It is our opinion, therefore, that section 99-r authorizes contracts by which a state agency, public benefit corporation, public authority or unit of the State University provides a service of government "not regularly provided to the public as part of general government services" to a municipal corporation and that such contracts are excepted from the competitive bidding requirements of General Municipal Law, 103. Accordingly, if the contract which the county anticipates entering into with the authority is for "services of government not regularly provided to the public as a part of general government services", as provided in section 99-r, then it is our opinion that the county may enter into the contract and competitive bidding would not be required.

The phrase "general government services" is not defined statutorily. However, the legislative history of the bill indicates that the phrase was intended to apply to services "regularly provided to all properties and individuals within the municipality" (Governor's Bill Jacket for L 1991, ch 637, Letter to Honorable Elizabeth D. Moore, Counsel to the Governor from Senator Charles D. Cook, July 10, 1991). Clearly, that phrase includes, inter alia, fire and police protection.(1) It is further our opinion that transportation services, such as those which the county provides pursuant to Social Services Law, 365-a, cannot be characterized as "regularly provided to the public as part of general government services" within the context of section 99-r since they are not regularly provided or available to all individuals within the county, but rather only to a class of county residents.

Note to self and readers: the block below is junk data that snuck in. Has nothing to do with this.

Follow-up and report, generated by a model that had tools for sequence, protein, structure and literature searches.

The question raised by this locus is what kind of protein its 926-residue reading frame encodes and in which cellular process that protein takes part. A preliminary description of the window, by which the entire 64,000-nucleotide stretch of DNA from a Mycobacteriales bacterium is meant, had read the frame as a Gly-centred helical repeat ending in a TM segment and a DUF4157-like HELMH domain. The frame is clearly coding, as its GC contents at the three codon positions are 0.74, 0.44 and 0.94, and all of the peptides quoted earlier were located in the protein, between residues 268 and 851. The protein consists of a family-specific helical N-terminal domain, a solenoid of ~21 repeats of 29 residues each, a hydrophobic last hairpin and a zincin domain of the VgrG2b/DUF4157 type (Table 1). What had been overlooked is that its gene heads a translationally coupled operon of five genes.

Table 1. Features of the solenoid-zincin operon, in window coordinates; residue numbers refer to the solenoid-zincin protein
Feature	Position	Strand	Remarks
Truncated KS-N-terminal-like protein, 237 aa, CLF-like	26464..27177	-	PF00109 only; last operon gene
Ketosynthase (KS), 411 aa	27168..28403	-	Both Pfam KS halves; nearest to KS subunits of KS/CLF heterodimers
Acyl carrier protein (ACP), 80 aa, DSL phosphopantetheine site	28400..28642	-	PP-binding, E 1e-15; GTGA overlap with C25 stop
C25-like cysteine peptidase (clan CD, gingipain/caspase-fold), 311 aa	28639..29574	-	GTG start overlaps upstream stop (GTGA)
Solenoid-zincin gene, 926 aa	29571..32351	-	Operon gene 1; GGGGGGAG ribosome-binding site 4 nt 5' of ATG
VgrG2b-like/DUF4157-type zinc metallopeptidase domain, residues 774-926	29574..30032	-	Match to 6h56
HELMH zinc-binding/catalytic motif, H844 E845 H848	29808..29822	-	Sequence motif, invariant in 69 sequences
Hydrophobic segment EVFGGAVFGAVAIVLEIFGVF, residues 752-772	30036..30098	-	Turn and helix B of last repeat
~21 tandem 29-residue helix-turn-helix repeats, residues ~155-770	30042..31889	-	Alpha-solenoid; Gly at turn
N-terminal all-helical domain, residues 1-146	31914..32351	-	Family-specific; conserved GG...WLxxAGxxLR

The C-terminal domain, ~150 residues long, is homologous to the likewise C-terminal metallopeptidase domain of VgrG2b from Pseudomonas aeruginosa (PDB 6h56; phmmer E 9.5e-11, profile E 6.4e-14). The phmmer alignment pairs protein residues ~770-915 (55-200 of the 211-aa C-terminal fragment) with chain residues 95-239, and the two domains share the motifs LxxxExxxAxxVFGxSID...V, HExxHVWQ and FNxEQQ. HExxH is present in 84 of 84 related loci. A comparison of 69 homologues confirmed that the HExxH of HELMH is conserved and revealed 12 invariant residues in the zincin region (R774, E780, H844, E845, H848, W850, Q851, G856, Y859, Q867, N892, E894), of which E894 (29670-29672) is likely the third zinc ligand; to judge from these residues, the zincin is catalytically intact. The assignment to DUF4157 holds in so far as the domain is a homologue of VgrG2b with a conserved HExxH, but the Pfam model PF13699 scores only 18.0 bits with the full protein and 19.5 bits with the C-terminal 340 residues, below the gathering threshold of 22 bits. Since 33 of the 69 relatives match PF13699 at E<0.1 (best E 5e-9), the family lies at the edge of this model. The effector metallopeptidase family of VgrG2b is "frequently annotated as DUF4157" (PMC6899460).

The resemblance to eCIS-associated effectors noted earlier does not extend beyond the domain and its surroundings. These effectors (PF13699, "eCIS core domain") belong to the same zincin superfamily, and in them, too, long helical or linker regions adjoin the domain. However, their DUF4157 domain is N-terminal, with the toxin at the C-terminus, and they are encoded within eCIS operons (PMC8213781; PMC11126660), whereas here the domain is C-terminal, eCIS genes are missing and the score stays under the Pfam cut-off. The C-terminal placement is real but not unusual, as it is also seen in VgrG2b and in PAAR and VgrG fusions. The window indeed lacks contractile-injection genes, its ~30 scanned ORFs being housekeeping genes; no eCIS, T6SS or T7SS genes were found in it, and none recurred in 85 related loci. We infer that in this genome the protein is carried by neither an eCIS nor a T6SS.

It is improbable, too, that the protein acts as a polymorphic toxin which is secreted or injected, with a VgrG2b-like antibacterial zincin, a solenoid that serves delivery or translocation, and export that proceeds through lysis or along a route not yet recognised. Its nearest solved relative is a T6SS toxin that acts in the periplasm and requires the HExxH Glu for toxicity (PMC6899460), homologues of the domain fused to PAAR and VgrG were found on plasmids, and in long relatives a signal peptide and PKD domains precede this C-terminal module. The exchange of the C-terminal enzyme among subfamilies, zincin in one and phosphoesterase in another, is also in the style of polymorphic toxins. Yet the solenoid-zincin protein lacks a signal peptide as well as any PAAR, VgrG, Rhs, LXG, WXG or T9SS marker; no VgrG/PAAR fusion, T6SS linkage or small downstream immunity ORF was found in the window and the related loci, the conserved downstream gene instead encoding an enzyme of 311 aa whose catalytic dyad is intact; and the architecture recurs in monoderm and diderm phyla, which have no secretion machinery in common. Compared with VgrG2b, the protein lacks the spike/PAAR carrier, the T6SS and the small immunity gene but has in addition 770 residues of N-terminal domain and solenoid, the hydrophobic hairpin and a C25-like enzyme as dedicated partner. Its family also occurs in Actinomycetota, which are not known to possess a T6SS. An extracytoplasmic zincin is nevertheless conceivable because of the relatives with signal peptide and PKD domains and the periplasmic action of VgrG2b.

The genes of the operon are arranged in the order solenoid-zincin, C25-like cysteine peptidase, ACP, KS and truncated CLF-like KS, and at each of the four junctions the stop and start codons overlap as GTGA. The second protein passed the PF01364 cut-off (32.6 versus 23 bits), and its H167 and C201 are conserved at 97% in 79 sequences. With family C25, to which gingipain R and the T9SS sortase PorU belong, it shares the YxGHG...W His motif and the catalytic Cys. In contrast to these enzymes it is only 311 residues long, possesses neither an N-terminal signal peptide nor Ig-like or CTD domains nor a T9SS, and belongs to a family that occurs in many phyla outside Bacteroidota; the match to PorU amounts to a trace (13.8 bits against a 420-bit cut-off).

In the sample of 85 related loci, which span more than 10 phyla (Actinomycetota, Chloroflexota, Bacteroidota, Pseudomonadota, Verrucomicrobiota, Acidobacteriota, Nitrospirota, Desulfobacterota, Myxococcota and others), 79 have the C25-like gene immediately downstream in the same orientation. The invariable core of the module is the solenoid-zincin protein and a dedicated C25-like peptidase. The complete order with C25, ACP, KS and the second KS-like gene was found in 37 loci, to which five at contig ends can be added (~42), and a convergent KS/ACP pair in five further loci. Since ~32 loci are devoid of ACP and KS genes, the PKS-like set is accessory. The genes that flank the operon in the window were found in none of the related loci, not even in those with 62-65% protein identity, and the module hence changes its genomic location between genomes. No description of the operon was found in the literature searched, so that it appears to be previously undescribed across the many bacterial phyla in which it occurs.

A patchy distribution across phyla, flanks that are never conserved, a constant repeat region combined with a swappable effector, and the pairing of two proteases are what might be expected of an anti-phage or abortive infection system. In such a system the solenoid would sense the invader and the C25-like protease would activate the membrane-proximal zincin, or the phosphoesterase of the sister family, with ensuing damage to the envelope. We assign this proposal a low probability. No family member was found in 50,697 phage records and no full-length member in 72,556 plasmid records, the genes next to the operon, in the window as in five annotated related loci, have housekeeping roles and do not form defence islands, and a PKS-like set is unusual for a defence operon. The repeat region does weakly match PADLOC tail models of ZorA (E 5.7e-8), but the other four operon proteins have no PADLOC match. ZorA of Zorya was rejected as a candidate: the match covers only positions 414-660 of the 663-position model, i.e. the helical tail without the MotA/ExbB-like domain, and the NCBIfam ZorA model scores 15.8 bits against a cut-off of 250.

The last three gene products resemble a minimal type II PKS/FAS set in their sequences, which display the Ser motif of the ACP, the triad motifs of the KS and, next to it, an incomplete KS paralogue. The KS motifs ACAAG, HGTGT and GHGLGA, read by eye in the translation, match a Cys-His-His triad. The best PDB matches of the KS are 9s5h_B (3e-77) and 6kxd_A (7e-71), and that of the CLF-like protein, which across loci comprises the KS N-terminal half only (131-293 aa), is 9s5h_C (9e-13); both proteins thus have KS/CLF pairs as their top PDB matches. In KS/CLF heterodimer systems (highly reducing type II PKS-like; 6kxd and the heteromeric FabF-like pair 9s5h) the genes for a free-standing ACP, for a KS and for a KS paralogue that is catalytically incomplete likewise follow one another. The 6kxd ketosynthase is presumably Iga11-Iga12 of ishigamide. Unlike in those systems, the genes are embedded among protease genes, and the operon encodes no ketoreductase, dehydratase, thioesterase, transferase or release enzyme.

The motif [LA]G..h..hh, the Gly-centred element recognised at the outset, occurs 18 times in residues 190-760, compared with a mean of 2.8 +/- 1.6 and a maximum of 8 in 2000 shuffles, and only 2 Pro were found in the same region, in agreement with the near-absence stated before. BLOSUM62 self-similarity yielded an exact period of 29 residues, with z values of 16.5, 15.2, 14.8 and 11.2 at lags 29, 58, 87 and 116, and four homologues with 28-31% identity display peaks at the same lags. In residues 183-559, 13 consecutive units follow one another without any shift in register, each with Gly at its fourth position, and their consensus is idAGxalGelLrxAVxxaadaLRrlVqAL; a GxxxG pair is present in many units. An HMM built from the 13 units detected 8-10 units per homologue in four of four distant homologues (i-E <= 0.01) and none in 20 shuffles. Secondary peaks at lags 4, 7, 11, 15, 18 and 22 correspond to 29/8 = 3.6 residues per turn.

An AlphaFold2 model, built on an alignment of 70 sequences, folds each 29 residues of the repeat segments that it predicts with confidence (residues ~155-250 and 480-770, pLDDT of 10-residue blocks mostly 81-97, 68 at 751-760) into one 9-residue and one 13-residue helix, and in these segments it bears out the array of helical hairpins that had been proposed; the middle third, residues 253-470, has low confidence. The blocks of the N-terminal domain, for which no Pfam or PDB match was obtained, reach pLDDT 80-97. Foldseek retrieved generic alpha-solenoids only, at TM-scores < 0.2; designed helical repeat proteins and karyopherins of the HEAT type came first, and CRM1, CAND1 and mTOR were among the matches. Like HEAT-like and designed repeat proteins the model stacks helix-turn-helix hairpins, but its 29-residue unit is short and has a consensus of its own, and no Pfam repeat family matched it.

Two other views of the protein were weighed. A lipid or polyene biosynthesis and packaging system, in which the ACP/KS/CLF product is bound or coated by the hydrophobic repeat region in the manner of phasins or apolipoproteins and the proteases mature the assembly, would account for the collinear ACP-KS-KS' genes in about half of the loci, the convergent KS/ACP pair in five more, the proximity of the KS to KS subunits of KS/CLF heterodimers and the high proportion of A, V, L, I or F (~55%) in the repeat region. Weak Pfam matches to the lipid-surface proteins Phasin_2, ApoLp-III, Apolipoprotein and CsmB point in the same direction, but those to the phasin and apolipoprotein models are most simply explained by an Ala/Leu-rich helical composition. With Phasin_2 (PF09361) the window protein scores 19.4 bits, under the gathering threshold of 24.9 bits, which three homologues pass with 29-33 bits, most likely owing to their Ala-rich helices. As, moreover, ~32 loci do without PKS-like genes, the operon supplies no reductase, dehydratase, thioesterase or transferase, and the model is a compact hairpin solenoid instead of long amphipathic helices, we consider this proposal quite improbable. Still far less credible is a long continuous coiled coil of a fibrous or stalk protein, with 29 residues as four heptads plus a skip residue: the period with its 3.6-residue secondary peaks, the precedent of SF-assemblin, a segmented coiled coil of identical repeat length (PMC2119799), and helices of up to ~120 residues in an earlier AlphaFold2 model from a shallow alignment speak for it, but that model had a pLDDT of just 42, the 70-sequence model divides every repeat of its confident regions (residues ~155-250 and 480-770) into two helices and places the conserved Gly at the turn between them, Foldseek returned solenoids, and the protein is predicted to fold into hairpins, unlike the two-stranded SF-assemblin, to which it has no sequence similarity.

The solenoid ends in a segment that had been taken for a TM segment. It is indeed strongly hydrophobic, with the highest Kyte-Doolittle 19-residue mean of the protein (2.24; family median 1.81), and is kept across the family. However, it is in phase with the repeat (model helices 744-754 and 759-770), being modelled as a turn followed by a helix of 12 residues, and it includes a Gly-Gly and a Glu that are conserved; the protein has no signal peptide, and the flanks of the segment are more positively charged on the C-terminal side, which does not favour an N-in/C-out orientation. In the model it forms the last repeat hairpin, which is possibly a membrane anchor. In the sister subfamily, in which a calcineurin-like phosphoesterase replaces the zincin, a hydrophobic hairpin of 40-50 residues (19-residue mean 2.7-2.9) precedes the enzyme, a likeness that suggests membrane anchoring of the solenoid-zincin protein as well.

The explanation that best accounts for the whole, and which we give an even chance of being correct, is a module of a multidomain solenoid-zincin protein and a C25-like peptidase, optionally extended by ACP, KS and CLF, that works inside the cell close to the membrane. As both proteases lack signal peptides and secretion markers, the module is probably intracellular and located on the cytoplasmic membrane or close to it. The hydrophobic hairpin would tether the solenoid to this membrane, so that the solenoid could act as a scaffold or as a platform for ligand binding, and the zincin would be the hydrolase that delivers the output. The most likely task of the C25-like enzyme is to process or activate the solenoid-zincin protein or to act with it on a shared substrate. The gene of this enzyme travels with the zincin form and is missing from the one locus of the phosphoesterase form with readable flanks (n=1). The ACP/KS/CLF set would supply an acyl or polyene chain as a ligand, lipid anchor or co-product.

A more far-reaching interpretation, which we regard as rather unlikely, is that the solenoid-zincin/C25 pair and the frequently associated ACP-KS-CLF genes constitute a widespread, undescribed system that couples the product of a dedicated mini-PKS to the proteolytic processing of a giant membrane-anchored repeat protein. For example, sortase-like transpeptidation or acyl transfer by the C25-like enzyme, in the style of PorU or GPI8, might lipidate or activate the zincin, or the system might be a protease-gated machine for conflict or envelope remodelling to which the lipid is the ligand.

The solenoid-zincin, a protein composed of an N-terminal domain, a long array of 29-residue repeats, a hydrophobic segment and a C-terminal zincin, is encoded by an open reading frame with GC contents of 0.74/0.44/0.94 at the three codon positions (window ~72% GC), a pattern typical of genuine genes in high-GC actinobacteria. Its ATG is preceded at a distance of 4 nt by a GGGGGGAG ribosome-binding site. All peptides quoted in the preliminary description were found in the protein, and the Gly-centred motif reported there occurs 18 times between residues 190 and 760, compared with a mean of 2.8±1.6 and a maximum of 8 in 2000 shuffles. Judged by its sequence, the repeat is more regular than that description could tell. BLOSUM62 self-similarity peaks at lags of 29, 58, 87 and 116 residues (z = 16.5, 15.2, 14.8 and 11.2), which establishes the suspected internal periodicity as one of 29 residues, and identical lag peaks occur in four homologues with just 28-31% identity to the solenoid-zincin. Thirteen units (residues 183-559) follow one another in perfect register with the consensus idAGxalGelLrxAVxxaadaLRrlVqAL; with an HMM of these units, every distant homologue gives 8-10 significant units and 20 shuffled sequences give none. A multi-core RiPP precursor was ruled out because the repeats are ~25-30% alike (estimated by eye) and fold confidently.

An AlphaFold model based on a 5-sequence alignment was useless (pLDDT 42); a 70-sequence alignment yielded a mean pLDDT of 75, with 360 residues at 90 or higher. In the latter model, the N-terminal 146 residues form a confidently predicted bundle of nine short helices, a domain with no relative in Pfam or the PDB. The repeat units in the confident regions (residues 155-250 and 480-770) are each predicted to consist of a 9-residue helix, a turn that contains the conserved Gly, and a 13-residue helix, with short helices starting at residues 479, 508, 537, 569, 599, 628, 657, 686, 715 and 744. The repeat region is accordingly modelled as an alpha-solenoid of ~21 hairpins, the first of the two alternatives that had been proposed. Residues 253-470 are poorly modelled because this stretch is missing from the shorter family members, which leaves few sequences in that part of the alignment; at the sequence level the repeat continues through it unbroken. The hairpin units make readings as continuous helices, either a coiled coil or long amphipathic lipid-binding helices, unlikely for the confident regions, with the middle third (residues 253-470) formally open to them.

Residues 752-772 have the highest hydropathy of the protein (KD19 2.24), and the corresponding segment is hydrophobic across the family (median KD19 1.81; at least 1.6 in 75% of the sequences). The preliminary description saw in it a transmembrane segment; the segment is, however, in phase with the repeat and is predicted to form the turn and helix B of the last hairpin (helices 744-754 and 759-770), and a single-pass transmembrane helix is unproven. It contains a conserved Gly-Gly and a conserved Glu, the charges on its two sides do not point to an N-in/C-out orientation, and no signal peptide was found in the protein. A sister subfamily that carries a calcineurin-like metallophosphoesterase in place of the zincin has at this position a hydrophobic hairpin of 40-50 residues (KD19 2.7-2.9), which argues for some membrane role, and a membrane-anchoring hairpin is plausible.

Accordingly, it is our opinion that, pursuant to General Municipal Law, 99-r, a county may, by direct negotiation and without competitive bidding, contract with a public authority to receive transportation services, which the county provides pursuant to the Social Services Law and regulations, for Medicaid clients(2).

January 13, 1998
Zachary L. Karmen, Esq., Chief Welfare Attorney
County of Onondaga

Barry M. Shulman, Esq., Counsel
Central New York Regional Transportation Authority

1. In this regard, we note that the original version of the bill which became section 99-r expressly authorized contracts for "police services ... fire protection ... or certain other services of government" (S. 4228/A. 6884, 1991). The elimination of the specific reference to police and fire service is a clear indication that these services of government are among those considered "regularly provided to the public as part of general government services" and, therefore, excluded from section 99-r.

2. In view of this conclusion, we need not address whether any of the proposed services fall within any other exception to competitive bidding (see, e.g., 22 Opns St Comp, 1966, supra; Amherst v Gross, supra).